Bayt Al-Suhaymi: Discover the History of this Historical Location
Updated On: June 29, 2022
The region of Al-Moez Street has been the central avenue of Islamic Cairo since its construction in the 10th century. Many mosques, palaces, and monuments of the Fatimid, Ayyubid, Mamluk, and Ottoman rulers are built within this region. This made Al-Moez Street one of the densest Egyptian regions with Islamic monuments. One of the finest Islamic monuments that is just meters off of Al-Moez Street is Bayt Al-Suhaymi. This Ottman gem stands to demonstrate what life was like for the wealthy in this era with its embellished beauty and astounding architecture.
History of Bayt Al-Suhaymi
Bayt Al-Suhaymi (House of Suhaymi) is a great example of Islamic architecture and homes for the wealthy in Cairo, Egypt. It is the only complete surviving house from the Ottoman period that represents the residential architecture in Egypt during that era. The first section of the house, which was in the southern area was built by Abdel-Wahab Al-Tablawy in 1648 in the neighbourhood of Darb al-Asfar (the Yellow Way), near Al-Moez Street.
Ismael Shalabi further built the northern section in 1797 and merged the two sections into one house. This historical house gets its name from its last resident, Sheikh Muhammed Amin Al-Suhaymi, who was a sheikh in Al-Azhar Mosque. In 1930, King Fouad bought Bayt Al-Suhaymi from the family, turning it into one of the ancient Islamic monuments in Egypt. The house was neglected and marginalized after a destructive earthquake hit the country in 1992 until the Arab Fund for Social and Economic Development restored the house to its original and glorious state.
The Unique Structure and Architecture of Bayt Al-Suhaymi
The house is built around a sahn (a courtyard) in the centre, which includes a small garden with palm trees, and a lot of the original marble floor work, wooden furniture, and ceiling decor are still intact to this day.
Like most houses of the era, it is divided into the men’s (salamlik) and women’s (haramlik) quarters. Due to the humid climate during the summer in Egypt, most houses, like Bayt Al-Suhaymi, added shaded courtyards, as well as balconies and roofs that were used as the living areas during the hot day, while the family moved to the indoor living areas at night.
Unlike today’s houses with regular low ceilings and modern air conditioning appliances, Bayt Al-Suhaymi, had high ceilings which allowed the warmer air to rise while the cooler air circulated throughout the house. Also, the thick walls, cool marble floors, and fountains kept the hot air at bay.
There are several separate staircase entries to the house and about thirty chambers on various levels. The harem reception room has a great view of the garden and is lined with marble floors, and its walls are covered with green and blue plant patterned enamel tiles.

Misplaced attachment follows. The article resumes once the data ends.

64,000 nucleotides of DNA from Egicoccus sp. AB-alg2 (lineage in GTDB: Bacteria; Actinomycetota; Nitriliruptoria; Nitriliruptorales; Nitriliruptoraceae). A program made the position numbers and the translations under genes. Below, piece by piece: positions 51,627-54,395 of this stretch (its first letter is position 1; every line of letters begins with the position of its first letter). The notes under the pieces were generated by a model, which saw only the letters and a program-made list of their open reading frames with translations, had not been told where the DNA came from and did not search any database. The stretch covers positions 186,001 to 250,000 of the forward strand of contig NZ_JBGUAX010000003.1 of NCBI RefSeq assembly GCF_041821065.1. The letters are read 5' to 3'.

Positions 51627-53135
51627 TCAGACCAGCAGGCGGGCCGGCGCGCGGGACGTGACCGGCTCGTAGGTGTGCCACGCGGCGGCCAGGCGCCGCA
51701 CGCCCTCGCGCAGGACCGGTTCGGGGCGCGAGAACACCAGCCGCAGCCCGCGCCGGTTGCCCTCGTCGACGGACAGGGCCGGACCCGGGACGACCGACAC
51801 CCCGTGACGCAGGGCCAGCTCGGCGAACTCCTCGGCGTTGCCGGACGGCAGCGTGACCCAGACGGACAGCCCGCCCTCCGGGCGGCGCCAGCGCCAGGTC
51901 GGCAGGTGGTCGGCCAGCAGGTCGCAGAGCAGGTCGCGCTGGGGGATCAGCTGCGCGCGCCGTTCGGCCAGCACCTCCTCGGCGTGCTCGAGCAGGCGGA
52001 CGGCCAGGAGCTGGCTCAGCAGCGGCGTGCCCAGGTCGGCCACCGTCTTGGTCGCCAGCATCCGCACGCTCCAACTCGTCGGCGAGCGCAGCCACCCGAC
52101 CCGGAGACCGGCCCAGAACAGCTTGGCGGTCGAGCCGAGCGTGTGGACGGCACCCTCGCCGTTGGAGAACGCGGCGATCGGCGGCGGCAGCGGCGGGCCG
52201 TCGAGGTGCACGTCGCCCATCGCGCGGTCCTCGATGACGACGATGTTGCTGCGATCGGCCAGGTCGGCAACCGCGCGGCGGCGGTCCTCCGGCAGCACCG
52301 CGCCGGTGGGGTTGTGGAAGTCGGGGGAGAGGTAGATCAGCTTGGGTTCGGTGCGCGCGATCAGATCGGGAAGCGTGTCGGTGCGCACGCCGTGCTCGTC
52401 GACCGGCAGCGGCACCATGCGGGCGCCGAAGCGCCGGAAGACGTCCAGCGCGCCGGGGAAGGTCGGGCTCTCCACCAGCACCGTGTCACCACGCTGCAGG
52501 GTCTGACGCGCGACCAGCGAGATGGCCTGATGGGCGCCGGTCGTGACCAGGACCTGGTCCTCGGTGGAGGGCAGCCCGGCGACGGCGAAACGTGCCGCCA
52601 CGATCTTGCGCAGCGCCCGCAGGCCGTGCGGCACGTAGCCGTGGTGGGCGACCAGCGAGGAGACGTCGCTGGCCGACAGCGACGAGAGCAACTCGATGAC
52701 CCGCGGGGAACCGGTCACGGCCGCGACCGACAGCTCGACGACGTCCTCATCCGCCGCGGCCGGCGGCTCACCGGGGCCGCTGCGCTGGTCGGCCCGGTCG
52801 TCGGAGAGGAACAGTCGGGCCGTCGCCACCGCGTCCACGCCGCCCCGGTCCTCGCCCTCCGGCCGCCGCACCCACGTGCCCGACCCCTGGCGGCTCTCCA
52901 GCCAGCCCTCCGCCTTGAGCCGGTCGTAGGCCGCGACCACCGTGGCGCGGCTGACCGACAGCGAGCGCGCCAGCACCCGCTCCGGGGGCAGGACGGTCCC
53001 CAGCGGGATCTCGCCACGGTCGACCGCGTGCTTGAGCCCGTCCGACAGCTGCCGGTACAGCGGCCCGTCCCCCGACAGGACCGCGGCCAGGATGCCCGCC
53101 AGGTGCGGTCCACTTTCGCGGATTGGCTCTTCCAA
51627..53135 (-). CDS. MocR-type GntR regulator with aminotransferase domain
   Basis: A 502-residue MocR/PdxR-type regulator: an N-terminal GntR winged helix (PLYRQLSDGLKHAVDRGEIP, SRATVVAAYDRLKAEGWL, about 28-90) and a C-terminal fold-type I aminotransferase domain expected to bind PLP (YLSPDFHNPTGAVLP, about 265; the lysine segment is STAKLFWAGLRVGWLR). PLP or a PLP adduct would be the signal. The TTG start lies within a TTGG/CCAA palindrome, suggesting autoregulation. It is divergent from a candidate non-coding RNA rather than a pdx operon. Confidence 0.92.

The three-storied mansion is built of stone, and visitors can enter the courtyard through a passageway from the street. At the bottom of the courtyard, there is a portico, in addition to a north-facing terrace called Maq’ad on the 2nd floor, both of which were used to receive guests or relax in the shade. The men’s quarters also included a large benched area overlooking the courtyard, where the head of the family would conduct business transactions or meet important guests.
On the second floor is the haramlik (women’s quarters), comprising a reception hall, private rooms, and a bath, and it can be reached by a separate flight of stairs in the courtyard, maintaining their privacy.
In addition to the salamlik and haramlik, there is a large benched area that opens onto the courtyard called the takhtabush. This benched area is where business deals took place and where the harem of the house gathered when no one was around.
The wooden latticework (Mashrabiyya) on all windows also prevents intense sunlight and dust blown by the wind and only allows the cool breeze in during Cairo’s hot summers, and it is also a barrier through which women can look out onto the street without being seen from the outside by the guests in the courtyard.
On the second floor, you can also find the Hammam (bathroom) which is decorated with small coloured glasses integrated into the ceiling dome and arranged like a constellation.
The domed structure in the garden was originally a mausoleum, which was moved from its original location near the Bab al-Khalq after 1952. It is known as the Qubba of Jamal al-Din and dates from the 16th-17th century and its dome is pierced with a geometrical pattern and filled with coloured glass displaying smaller patterns.
Modern Day Bayt Al-Suhaymi
Today, the house has been transformed into a museum which foreign visitors can tour for 35 EGP (15 for students).
This house is considered one of the most beautiful monuments of historical Cairo, which led to the decision to transform Al-Suhaymi House into a centre for artistic creativity affiliated with the Cultural Development Fund after its restoration and reopening in 2000, to be employed as a cultural and artistic centre in the neighbourhood of Al-Gamaleya. The Al-Suhaymi Center for Creativity is considered a unique model for the social impact of cultural and archaeological work on the surrounding community, and that is through the cultural and artistic activities it provides, which have become part of the daily life of the neighbourhood’s residents.
Al-Suhaymi House also hosts the largest Egyptian folklore music groups, as well as marionette shows and shadow art performances to preserve these arts from extinction. This is in addition to the various artistic performances that are held throughout the month.
As an open museum of Islamic architecture, Al-Suhaymi House opens its doors to art exhibitions through the exhibition halls that the house contains, which are commensurate with the nature of the place.
All in all, it is an experience not to be missed.